Michael Storper Publishes New Book on Urban Economies Urban Planning Professor Michael Storper offers a comprehensive look at the two cities from past to present

By Adeney Zo
UCLA Luskin Student Writer

Los Angeles and San Francisco stand as the two major metropolises of California, but increasing differences in economic growth and prosperity divide the two cities.

Urban Planning professor Michael Storper addresses these economic and cultural differences in his new book, The Rise and Fall of Urban Economies: Lessons From San Francisco and Los Angeles, now available for purchase. In a forensic style of writing, Storper unpacks the mystery of the two cities, namely why the Bay Area continues to significantly outpace Los Angeles in average household income and wages. The book analyzes the economic development policies of the regions since 1970, the attitudes and actions of regional leadership, and the networks of leaders, and how these contributed to the Bay Area getting so far ahead of LA. In 1970 LA was ranked 4th in the country in terms of income levels, and now it is ranked 25th — this means all of Greater LA, compared to the Bay Area, which has remained number one.

Jon Christensen of the San Francisco Chronicle published a review of the book, stating that: “. . . it is written in a very accessible style, using the structure of a scientific detective story. And it is a must-read for anyone who cares about the future of California and cities more broadly.”


Soja’s ‘My Los Angeles’ Reviewed in L.A. Times

Distinguished Urban Planning professor emeritus Edward Soja’s new book, My Los Angeles: From Urban Restructuring to Regional Urbanizations, has been reviewed in the Los Angeles Times.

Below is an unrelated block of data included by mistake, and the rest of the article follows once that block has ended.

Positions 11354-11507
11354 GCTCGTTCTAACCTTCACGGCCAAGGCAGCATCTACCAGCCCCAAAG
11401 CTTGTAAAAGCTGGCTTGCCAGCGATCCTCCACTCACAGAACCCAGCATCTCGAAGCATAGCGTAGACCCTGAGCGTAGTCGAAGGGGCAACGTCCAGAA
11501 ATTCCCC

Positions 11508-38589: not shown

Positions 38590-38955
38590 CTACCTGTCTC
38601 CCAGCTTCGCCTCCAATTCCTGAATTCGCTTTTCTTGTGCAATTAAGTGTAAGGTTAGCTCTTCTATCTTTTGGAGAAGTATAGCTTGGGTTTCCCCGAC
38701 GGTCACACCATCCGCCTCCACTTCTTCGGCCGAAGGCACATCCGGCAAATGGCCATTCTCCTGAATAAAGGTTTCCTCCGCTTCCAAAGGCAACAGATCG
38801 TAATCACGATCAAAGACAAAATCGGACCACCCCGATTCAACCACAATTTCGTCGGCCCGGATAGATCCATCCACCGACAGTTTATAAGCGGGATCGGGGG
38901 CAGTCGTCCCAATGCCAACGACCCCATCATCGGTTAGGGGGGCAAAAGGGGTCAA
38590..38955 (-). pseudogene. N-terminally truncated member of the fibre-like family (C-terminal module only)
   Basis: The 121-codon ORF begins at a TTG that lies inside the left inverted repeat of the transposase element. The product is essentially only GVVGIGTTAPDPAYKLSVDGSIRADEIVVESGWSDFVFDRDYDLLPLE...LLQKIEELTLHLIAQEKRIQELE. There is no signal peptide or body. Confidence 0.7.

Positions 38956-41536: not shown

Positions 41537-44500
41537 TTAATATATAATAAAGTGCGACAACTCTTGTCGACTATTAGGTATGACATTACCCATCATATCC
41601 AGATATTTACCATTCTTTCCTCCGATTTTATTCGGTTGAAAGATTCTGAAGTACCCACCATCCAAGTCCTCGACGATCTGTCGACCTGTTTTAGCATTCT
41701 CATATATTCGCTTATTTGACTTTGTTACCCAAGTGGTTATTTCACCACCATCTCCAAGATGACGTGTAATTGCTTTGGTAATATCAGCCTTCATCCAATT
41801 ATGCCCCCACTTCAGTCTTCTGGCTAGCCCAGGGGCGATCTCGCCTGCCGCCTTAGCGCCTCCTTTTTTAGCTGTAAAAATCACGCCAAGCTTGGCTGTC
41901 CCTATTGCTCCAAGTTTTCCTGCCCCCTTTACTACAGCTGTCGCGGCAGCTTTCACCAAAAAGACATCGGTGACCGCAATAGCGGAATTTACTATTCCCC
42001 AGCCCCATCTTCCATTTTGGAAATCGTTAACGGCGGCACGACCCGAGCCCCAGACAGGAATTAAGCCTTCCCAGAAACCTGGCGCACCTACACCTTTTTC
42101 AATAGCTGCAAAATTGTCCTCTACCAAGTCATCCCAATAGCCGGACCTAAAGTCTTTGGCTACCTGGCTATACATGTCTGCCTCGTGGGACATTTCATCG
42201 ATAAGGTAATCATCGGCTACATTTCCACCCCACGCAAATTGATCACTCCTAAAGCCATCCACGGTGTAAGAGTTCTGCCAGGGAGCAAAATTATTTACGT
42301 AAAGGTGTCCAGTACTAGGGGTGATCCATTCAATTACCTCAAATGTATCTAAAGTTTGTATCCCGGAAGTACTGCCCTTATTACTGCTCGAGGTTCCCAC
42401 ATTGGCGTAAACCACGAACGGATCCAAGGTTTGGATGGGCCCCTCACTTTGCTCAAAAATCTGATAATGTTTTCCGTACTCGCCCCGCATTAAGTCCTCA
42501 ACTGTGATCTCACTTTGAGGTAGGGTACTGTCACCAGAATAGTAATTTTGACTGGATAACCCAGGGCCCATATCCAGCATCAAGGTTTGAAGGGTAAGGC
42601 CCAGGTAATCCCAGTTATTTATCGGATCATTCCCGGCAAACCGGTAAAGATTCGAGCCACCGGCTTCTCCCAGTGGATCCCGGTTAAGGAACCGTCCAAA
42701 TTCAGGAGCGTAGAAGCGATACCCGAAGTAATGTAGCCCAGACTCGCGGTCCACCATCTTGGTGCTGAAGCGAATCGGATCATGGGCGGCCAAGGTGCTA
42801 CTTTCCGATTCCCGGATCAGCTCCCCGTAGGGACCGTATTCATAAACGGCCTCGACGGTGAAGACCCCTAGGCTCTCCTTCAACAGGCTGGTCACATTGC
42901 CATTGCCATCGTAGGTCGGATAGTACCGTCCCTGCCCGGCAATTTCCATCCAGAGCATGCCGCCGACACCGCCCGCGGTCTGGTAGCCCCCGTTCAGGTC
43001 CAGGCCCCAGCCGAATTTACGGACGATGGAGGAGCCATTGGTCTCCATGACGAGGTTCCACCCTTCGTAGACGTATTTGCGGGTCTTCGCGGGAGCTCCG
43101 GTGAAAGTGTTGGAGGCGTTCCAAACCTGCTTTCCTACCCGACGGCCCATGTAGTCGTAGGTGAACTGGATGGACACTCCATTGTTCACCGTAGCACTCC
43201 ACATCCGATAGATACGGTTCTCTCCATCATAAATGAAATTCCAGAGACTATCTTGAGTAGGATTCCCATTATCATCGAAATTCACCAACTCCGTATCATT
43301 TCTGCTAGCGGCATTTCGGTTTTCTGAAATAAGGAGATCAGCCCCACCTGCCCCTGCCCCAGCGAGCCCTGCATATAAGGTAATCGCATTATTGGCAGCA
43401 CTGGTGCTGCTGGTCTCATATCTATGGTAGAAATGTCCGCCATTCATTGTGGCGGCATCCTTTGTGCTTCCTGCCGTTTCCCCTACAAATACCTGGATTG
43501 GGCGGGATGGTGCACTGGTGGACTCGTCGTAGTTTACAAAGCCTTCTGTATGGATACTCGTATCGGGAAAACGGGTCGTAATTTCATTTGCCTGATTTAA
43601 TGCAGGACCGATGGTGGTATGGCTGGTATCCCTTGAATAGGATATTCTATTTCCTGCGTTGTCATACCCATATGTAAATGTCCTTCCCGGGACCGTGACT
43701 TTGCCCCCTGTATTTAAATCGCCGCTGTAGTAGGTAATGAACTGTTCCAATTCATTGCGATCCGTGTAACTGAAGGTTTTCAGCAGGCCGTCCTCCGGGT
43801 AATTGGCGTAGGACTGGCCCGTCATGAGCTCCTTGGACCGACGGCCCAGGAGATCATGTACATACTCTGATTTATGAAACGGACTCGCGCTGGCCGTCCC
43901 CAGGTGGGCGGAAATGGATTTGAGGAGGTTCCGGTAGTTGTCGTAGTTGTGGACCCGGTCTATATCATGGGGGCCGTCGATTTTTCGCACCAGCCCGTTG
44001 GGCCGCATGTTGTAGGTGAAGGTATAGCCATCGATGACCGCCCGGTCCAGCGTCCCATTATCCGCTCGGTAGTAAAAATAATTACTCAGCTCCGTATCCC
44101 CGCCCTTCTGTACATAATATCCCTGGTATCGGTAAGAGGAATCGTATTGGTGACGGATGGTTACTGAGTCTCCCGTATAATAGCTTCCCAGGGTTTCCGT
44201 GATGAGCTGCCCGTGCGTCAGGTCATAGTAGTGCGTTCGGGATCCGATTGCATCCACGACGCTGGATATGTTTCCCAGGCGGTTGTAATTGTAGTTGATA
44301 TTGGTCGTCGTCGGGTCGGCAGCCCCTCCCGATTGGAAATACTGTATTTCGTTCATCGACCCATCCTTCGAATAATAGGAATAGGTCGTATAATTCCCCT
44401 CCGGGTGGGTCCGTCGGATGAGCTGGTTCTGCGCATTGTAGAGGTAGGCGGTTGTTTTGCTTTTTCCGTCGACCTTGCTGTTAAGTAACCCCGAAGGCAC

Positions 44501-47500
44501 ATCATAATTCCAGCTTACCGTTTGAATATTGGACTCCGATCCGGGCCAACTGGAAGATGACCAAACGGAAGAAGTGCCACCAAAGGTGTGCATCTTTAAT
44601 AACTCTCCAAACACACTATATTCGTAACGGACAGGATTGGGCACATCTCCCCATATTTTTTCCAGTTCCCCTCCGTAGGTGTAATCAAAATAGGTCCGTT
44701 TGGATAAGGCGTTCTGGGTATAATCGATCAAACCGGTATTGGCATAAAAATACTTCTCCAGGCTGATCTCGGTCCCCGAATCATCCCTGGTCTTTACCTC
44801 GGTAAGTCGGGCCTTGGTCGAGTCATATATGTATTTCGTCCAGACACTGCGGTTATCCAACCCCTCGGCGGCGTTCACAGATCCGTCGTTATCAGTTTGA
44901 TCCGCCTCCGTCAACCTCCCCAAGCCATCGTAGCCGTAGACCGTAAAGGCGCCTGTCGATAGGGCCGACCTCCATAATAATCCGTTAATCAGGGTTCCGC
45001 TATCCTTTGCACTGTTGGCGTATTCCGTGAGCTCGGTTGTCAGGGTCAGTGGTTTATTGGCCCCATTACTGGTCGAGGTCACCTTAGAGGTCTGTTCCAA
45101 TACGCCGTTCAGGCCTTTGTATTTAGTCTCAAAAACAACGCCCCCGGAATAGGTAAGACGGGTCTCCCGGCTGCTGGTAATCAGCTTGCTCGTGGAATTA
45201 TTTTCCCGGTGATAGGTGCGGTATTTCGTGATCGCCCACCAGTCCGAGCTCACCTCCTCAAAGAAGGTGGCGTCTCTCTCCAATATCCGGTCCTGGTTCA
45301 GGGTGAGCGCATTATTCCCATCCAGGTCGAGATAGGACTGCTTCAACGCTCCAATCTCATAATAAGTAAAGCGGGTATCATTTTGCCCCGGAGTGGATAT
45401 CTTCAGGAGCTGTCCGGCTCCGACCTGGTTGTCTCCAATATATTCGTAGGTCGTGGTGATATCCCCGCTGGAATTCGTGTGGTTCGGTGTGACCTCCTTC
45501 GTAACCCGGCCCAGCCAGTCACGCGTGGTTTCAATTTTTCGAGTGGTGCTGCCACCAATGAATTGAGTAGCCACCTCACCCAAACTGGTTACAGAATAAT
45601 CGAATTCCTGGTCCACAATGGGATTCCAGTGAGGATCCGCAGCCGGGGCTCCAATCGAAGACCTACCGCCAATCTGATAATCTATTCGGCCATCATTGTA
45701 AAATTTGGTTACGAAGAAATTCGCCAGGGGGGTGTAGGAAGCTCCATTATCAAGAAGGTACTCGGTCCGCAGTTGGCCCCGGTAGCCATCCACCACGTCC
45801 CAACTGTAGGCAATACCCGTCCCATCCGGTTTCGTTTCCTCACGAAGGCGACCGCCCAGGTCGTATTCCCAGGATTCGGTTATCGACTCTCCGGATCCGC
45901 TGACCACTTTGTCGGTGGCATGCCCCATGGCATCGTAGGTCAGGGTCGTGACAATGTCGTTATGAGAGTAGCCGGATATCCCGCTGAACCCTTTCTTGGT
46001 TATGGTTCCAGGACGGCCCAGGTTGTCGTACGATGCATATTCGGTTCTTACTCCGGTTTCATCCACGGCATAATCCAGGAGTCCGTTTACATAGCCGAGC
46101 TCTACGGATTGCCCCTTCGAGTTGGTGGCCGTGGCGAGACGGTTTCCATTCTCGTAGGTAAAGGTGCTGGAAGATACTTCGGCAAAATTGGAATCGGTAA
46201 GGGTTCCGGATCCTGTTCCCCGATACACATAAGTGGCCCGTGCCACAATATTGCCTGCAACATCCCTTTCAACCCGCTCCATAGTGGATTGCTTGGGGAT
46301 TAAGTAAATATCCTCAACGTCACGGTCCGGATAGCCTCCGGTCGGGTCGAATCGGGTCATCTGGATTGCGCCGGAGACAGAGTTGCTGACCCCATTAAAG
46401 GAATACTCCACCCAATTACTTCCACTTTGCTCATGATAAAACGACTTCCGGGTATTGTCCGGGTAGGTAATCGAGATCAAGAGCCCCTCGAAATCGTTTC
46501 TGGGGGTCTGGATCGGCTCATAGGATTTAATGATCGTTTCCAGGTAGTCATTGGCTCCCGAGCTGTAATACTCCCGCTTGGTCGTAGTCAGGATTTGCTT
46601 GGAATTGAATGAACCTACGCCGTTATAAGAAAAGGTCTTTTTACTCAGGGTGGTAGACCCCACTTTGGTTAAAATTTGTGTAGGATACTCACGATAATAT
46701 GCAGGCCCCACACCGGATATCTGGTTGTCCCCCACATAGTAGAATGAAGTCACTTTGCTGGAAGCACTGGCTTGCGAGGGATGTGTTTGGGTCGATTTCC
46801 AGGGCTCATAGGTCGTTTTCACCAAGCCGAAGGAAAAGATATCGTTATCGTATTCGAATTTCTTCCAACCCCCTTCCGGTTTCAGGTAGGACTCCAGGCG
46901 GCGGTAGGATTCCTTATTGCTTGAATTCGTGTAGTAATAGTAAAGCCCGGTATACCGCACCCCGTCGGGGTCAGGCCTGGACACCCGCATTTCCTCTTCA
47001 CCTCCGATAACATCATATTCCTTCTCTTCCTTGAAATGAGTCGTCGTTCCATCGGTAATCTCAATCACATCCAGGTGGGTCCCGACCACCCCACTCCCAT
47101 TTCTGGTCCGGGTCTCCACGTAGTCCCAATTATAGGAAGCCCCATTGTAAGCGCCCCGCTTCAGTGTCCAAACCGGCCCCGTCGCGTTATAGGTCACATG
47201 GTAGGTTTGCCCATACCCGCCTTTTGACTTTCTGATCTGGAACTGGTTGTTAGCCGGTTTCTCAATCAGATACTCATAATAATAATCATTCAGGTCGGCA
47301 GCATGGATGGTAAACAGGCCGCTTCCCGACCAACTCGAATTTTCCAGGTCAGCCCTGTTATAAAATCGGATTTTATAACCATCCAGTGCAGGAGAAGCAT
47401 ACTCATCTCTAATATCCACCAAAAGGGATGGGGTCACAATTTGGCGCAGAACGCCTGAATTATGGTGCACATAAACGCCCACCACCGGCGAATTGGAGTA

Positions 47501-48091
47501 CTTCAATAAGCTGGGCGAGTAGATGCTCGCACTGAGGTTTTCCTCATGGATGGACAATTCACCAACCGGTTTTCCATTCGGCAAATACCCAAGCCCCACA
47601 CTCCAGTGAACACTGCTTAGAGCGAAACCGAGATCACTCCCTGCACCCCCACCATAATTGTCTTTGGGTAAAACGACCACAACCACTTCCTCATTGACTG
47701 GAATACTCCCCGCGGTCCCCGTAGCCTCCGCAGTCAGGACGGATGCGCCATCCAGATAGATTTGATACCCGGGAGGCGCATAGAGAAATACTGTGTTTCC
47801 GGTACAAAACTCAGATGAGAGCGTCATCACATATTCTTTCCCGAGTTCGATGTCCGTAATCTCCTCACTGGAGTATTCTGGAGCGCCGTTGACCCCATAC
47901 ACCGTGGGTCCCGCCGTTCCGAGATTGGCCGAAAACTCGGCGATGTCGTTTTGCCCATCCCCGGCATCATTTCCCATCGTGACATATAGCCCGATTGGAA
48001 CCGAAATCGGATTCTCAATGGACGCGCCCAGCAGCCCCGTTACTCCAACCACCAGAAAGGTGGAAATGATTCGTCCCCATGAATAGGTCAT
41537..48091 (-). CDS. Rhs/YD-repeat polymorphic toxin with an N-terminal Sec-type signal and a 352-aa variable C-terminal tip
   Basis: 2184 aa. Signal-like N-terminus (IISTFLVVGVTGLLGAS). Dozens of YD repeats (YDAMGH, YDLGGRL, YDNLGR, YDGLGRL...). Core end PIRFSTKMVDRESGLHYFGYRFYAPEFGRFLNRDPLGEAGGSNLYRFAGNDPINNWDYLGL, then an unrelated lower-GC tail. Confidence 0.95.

“Edward Soja, a geographer at UCLA, has spent much of his long career trying to read Los Angeles,” the reviewer, journalist and UCLA academic Jon Christensen writes. “Along the way, he developed innovative and sometimes controversial theories of urbanization and became a founder of a dynamic ‘L.A. School’ of urban studies.”

In placing Soja at the creation of this school of thought, Christensen, who is the editor of Boom: A Journal of California, credits Soja with “some of the most provocative and productive ideas to our understanding of cities in recent history.”

Soja’s book primarily addresses Los Angeles’ socio-economic landscape in the wake of the 1992 civil unrest, which he sees as a consequence of decades of economic decline and racial isolation. The key factor to future growth will be networks — of employment, transportation and culture — that serve all areas of the city and empower stronger communities and individuals.

Soja’s observations are important, Christensen writes. “In the next 30 to 40 years, as the worldwide population grows from 7 billion to 9 billion and possibly more, all of that growth effectively will be absorbed in cities, doubling the urban population on Earth.”

“That means the urban built environment will double too,” he continues. “The shape of those urban spaces, as Edward Soja shows, will fundamentally shape the future.”

My Los Angeles is published by the University of California Press.